Chris Solari Detroit Free Press
Published 5:10 PM EDT Aug 28, 2019
EAST LANSING — Mark Dantonio breaks into a sly smile when he talks about his offense.
Rather, when he avoids talking about it.
Has there ever been such a closely guarded game plan as the offseason changes Michigan State has made to its offense, he was asked Tuesday?
“I'm sure there's been one. I don't know,” Dantonio said, getting a twinkle in his eye as he started to grin. “I guess 'Little Giants,' ” referring to the fake field goal play that beat Notre Dame in 2010.
And while Dantonio wants more from his special teams units, he would prefer to get touchdowns and yards the traditional way from his offense, rather than rely ontrick plays.
A dearth of insight into exactly how the Spartans might look differently on offense remains the prevailing theme for Dantonio this week. And keeping the secrets of the changes has provided an ongoing chuckle for the Spartans as they prepare to host Tulsa to open the season Friday night (7 p.m./FS1). And it comes from the players on an edict from above.
“I like that we can keep it in, so they don’t know what to expect,” junior running back Connor Heyward said after practice Tuesday. “We’re gonna keep them on their toes. We could come out with our offense from last year, a new offense, a wing-T, an I (formation), just different things. You don’t know what to expect. You don’t know if we’re a run-and-gun team, you don’t know what we’re doing.”
Enough time has passed that last year's offensive frustration has turned to joking from the players. At media day earlier the month, Heyward subtly trolled the MSU fanbase by jokingly predicting the Spartans’ first play this season: “We’re running a jet sweep to the wide side.”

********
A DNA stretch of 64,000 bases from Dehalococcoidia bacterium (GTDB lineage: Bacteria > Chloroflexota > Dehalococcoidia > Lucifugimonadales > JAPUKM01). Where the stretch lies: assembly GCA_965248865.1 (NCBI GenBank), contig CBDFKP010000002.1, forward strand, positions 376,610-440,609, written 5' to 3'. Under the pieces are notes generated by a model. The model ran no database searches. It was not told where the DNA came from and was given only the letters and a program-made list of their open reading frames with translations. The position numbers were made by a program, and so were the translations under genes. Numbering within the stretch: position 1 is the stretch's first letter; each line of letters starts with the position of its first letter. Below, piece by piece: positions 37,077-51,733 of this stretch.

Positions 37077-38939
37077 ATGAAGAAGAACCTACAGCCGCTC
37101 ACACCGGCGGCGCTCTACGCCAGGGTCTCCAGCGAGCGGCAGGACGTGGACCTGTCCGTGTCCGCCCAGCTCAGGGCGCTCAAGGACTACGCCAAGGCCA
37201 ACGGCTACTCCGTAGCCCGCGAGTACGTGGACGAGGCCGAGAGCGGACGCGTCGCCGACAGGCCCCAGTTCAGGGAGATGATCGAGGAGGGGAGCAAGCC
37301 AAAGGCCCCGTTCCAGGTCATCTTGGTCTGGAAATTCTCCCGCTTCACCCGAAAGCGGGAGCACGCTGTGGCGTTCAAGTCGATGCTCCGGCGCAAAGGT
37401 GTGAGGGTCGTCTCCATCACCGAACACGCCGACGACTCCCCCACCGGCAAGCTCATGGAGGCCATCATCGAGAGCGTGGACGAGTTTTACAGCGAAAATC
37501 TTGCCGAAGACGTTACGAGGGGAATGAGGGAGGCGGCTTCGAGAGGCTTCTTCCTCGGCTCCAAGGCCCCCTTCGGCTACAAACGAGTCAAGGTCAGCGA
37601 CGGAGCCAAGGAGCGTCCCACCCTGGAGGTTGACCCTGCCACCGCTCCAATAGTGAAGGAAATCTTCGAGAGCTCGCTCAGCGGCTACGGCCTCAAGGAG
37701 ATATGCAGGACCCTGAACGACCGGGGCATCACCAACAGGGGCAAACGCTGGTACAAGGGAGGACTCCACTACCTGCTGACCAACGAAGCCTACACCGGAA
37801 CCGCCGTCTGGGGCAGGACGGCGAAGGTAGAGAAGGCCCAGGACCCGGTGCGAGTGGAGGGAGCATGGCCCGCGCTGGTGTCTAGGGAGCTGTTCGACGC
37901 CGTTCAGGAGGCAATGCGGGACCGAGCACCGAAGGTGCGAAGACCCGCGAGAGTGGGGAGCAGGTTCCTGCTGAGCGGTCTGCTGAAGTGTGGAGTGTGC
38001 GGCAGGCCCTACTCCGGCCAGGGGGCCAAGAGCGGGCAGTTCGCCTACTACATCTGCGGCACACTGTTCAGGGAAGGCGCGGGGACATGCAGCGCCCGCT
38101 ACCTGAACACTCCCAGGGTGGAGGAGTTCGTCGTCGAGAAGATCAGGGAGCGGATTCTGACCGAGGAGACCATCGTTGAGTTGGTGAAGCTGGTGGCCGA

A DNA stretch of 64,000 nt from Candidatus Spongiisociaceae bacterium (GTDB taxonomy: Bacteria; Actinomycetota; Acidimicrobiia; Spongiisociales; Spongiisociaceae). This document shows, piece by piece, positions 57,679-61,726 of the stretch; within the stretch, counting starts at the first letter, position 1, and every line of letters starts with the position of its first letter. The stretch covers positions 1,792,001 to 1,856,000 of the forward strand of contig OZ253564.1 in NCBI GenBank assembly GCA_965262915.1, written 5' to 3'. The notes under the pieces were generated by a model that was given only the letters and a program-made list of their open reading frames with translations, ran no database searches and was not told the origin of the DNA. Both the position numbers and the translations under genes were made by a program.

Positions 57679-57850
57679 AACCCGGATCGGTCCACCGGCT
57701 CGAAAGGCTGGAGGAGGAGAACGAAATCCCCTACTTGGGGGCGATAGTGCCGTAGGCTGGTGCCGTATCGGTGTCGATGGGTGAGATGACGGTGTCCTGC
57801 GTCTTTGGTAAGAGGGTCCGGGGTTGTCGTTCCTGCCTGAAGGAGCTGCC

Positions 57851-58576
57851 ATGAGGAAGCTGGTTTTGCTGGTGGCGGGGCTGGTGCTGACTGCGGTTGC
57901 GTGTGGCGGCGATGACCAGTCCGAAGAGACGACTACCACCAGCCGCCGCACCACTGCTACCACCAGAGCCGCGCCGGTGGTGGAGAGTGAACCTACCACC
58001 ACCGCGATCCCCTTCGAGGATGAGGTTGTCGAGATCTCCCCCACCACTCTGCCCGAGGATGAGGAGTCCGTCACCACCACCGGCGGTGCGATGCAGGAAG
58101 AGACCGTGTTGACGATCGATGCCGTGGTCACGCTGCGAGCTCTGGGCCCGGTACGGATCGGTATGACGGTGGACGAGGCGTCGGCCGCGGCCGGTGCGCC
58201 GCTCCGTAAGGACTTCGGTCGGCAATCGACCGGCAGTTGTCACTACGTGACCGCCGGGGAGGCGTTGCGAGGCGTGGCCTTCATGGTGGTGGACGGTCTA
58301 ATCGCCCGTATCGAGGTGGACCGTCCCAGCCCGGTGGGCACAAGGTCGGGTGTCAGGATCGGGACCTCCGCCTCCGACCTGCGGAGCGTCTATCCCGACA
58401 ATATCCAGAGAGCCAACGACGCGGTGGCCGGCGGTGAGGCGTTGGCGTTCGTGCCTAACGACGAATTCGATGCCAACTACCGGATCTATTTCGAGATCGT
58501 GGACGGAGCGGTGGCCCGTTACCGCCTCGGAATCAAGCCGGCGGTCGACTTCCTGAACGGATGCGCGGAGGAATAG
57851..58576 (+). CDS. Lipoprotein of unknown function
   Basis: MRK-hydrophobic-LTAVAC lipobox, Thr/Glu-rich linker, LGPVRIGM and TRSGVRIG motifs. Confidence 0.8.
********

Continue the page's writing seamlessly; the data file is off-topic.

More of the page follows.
The 2018 offense was equal parts comdey and tragedy, particularly over the final half of the regular season and in the Redbox Bowl against Oregon.
The Spartans scored just two touchdowns in their last four games, both against Rutgers, and failed to eclipse 300 total yards of offense twice. MSU averaged a Dantonio-era low 18.7 points per game to rank 125th out of 129 Football Bowl Subdivision teams and was 114th in rushing (124.7 yards). They were 115th in third-down conversions (33.5%), tied for 72nd in first downs (263) and 73rd in red-zone offense (82.9%).
Heyward, who led MSU with 529 rushing yards and five TDs on the ground last season, said the players all have seen and heard criticisms via Twitter and other online sites.
“At times last year, we were just like, ‘Oh my gosh.’ You couldn’t even go on social media without seeing stuff about our offense,” he said. “But hopefully after this year, we don’t have to see those things. Positive things. Negative? Ugh. At times, you just want to be like, 'enough is enough.' But it’s comedy. Now it’s comedy. It wasn’t previously, but you gotta just go out there and execute.”
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Quarterback Brian Lewerke, whose shoulder injury was among a number of injuries that affected those totals, has turned the page. He believes the Spartans have “a clean slate” with Tulsa up first.